Pedigrees are the breeder’s roadmap. They tell us where we’ve been, and they can help guide us in the future.
What kind of traveler are you—the adventurous type who takes off without a map and explores unknown byways, or the planner who carefully maps a journey with a very specific destination? Or are you so trustful and dependent of GPS that you fail to notice the landscape or landmarks along the way? Are you an embracer of new and challenging destinations, or are you the type who is comfortable going to the same vacation spot year after year?
Travel and pedigrees have a lot in common. With travel, maps can show us the most direct route or take us on a scenic byway, and they can even show us the topography of an area.
Pedigrees are the breeder’s roadmap. They tell us where we’ve been, and they can help guide us in the future. However, a pedigree is only as good as the information behind the name. If we don’t know the individuals, if we’ve never seen the dogs, if we have no picture of the journey it took to arrive at that destination, then it is like driving at night with the headlights off. We are creeping along in the dark.
Even when we think we know the terrain very well, there can be surprises. So why not study the map as best we can?
Beginners in the journey find it more difficult when some or all the dogs are unfamiliar. I still have the pedigree of my first show dog. I knew none of the dogs firsthand, but as a Collie fancier I was very familiar with the beautiful photographs of the Tokalon Collies, which gave me a mental image of the overall look of the family. Like names on a map, however, without ever visiting the town, you have no idea what that place is really like.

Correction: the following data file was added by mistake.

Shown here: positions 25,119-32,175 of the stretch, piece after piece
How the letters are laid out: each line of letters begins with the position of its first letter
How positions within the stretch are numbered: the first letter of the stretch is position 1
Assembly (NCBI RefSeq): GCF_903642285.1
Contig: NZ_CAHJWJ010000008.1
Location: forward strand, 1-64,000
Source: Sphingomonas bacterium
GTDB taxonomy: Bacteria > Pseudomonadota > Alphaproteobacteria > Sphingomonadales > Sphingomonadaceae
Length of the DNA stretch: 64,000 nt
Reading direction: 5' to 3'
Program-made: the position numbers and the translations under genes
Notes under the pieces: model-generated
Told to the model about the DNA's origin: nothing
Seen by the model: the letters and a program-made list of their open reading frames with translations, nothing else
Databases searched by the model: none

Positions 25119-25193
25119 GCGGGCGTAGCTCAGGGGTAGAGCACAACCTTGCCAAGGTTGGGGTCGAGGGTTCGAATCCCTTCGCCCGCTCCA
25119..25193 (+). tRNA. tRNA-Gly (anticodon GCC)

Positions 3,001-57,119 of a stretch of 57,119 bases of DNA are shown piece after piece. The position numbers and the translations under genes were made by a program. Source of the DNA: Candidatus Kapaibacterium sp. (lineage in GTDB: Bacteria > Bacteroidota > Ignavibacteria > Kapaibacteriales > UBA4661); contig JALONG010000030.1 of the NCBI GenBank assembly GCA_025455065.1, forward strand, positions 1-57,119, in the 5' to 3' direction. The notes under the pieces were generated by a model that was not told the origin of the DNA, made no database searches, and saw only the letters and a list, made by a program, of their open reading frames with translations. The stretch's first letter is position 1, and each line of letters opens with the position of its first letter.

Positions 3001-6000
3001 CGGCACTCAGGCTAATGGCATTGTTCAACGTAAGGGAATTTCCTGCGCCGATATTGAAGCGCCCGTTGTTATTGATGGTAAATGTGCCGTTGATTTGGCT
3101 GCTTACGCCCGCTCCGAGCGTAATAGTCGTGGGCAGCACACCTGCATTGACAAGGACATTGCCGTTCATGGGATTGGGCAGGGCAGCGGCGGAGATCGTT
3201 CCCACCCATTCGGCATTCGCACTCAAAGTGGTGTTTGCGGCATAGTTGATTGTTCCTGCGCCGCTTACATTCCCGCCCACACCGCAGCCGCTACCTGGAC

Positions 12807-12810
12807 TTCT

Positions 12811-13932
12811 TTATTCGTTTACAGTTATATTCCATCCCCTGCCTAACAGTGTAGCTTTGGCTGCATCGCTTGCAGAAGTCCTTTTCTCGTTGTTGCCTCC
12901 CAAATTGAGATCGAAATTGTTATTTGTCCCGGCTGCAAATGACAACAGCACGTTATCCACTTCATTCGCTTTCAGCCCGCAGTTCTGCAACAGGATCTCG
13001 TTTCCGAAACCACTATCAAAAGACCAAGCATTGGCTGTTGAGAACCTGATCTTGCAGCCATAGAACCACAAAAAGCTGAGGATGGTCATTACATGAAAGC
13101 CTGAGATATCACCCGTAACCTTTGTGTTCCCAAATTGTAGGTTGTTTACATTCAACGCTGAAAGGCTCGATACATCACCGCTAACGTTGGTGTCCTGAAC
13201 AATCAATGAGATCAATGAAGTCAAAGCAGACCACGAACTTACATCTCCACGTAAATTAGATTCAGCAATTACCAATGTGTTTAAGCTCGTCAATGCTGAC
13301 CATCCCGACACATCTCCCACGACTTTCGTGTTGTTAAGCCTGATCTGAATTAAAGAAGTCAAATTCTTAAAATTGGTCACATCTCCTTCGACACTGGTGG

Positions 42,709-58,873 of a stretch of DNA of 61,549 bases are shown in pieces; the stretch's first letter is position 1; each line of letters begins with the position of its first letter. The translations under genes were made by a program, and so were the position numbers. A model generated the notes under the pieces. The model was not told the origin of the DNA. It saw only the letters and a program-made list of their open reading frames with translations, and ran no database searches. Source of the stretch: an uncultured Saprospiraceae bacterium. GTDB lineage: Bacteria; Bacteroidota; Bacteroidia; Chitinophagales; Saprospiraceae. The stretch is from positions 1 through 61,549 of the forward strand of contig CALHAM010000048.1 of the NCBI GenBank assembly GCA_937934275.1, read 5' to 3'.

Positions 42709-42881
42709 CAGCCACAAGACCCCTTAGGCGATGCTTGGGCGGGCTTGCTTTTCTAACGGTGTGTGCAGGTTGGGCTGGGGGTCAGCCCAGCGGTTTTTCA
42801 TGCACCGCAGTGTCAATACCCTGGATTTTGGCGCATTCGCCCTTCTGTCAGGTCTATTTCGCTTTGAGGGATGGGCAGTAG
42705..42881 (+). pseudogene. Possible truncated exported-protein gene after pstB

Whether our dogs are for companion, performance, show, or breeding, that sheet of paper is the sum total of a cute little bundle of fur. There’s blood, sweat, and tears behind those names, and four generations of health, temperament, and conformation history spelled out in neatly typed rows. Breeding or buying is often a matter of trust, but the information is there, and the first clue to the story is a name.
Years ago I researched my foundation bitch’s pedigree as far back as possible. I printed her registered name in the middle of the first page, and as the roll of shelf paper slowly unfurled, I traced her family tree to the very beginning of American Collies. I searched for photographs of as many of the dogs on that long sheet of paper as I could find, often referring to the CCA Library of Champions. Even if the photographs were poor (and many are), I gained insight. Gradually pictures and articles disclosed who was related to whom, and some of the mysteries of breeding decisions were unveiled. It was like exploring a treasure map!
Obviously, this little exercise doesn’t reveal many of the things I still want to know about health, temperament, and conformation. What I also long for when I look at those names is the story, the details that form the big picture—the individual’s personality, the struggles to overcome setbacks, the joys of accomplishments. Sometimes you can get those in the casual surrounding of a dinner or visit with someone who remembers and is willing to share the history. It’s entertaining, but it also informs us. Now the map means something. —Marianne Sullivan, Collie Club of America